Today is the six-month anniversary of the Patient Protection and Affordable Care Act. What does this mean? “Starting now,” says the New York Times, “insurance companies will no longer be permitted to exclude children because of pre-existing health conditions, which the White House said could enable 72,000 uninsured to gain coverage. Insurers also will be prohibited from imposing lifetime limits on benefits.”
The new law also keeps insurers from dropping expensive customers after discovering technical mistakes on their applications. It requires companies to offer coverage to children under 26 on their parents’ plan, along with offering a number of procedures without co-payments and the option to keep a doctor when joining a new plan.
House Republicans are set to unveil their “Pledge to America” today. The plan “proposes reining in the size of the federal government and deficit,” according to the Washington Post,”charting a conservative agenda that illustrates how they would govern if voters give them a congressional majority in pivotal midterm elections.” It’ll serve as a guidebook for all Republican candidates in the upcoming elections.
The pledge is a 21-page document, drafted by Rep. Kevin McCarthy of California. It mirrors the “Contract with America,” which the the GOP used to win back the House majority in 1994. The highlight of the plan calls for a reduction in spending to fiscal 2008 levels, except in military spending. Democrats have dismissed the “Pledge to America” as a re-packing of Bush-era ideas.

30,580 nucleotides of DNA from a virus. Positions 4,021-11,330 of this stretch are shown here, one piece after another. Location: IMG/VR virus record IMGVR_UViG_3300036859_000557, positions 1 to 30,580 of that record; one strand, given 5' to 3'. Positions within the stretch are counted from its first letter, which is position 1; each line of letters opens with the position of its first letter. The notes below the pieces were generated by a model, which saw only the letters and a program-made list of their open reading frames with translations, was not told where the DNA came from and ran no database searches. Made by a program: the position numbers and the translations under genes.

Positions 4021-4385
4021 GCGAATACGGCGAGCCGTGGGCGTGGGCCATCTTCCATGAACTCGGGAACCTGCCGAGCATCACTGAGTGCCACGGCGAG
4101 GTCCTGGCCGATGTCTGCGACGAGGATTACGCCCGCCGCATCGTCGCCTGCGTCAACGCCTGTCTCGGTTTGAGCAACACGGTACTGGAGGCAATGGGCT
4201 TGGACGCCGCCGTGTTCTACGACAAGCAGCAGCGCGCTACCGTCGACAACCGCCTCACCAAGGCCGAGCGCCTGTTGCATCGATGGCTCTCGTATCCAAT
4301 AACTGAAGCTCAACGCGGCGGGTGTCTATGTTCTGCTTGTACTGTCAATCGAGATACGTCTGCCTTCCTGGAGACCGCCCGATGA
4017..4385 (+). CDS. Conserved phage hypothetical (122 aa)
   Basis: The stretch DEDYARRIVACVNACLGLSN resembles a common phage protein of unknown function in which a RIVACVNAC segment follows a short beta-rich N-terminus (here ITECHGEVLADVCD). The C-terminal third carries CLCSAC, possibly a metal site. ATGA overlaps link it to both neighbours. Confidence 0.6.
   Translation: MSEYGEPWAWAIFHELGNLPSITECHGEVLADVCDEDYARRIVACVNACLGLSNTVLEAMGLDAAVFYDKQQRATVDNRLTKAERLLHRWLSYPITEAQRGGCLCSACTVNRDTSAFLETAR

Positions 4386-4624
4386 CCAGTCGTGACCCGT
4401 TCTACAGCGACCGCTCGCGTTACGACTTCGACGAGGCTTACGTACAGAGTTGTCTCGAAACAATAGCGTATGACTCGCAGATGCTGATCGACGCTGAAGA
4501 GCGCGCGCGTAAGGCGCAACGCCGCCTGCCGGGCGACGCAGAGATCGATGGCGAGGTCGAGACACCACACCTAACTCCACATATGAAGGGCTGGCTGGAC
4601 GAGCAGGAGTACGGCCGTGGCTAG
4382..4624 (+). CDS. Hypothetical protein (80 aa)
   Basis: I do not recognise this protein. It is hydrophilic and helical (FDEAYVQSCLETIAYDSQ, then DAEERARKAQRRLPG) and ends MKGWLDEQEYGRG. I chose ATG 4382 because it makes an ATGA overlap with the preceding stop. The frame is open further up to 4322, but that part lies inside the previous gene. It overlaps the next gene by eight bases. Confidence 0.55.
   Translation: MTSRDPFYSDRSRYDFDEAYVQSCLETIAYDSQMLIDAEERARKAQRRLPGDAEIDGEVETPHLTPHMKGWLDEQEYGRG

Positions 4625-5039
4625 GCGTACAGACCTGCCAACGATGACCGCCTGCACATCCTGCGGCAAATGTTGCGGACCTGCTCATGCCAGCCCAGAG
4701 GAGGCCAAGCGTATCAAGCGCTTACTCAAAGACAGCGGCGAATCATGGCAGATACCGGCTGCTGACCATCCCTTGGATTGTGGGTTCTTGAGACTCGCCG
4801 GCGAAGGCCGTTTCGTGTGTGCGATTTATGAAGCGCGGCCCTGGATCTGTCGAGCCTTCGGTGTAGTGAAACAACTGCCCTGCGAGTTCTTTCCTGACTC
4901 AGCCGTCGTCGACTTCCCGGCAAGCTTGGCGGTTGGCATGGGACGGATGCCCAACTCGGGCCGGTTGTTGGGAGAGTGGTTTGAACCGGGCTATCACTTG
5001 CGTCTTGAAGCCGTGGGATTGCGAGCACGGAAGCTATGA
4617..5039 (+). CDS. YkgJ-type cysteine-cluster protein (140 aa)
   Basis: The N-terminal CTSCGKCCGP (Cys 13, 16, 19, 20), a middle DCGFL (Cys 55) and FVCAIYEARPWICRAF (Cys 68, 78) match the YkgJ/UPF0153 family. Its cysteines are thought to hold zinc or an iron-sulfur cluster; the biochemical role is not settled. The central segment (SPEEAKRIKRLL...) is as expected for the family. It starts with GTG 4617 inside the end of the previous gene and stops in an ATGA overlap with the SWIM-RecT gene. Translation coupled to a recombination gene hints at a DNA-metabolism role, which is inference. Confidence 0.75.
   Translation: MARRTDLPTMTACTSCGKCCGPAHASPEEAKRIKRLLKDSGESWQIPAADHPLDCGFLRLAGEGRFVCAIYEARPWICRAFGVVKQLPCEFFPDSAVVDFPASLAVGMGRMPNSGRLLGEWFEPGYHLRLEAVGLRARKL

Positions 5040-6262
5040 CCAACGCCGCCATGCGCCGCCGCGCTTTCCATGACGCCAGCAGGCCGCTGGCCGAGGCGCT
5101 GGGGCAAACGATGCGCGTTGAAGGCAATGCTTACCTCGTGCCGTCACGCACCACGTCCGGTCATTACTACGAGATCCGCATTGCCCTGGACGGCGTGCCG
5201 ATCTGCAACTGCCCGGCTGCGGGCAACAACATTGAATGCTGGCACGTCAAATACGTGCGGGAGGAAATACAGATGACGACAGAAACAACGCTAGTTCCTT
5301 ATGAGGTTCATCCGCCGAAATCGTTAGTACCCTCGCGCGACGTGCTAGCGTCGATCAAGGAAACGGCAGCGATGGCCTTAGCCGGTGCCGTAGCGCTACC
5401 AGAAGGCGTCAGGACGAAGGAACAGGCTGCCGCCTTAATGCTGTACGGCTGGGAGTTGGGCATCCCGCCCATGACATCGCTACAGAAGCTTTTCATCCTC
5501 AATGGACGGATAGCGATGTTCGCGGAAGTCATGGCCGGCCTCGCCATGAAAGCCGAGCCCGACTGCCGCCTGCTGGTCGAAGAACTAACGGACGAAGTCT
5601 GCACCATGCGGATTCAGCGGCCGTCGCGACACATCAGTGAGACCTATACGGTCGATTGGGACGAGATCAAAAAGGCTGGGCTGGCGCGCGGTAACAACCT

After pledging to donate $100 million to Newark public schools yesterday, things just keep getting better for Mark Zuckerberg. In its new rankings, Forbes lists the Facebook CEO as the 35th richest person in the U.S, ahead of both Steve Jobs and Rupert Murdoch. One of only eight people under 40 to make the list, the 26-year-old Zuckerberg is valued at $6.9 billion.
Bill Gates tops the list once again with his Microsoft shares giving him a value of $54 billion. Warren Buffet comes in second, trailing Gates by a measly $9 billion. Tech companies dominate the list with 13 of the top 50. The entry value needed for a spot in the 400 rose to a solid $1 billion this year.
Yes, you read that right. Return your Bentley now. The ultra-luxury car company is recalling hundreds of vehicles over fears that its hood ornament, a winged “B,” could possibly impale pedestrians. “The winged B is meant to retract if there is a collision,” according to MSNCS, “but the U.K.-based Bentley Motors said it had discovered the mechanism needed to be better protected against rust and corrosion.”
The recall will affect 620 cars in the U.S. and Canada and 1,436 worldwide. It concerns any Azure, Arnage, or Brooklands models sold between October 2006 and 2009. Do not fret, Bentley lovers. You will be able to keep your flying “B” on the hood. Instead, a new retraction system will be installed in each recalled vehicle to prevent any problems.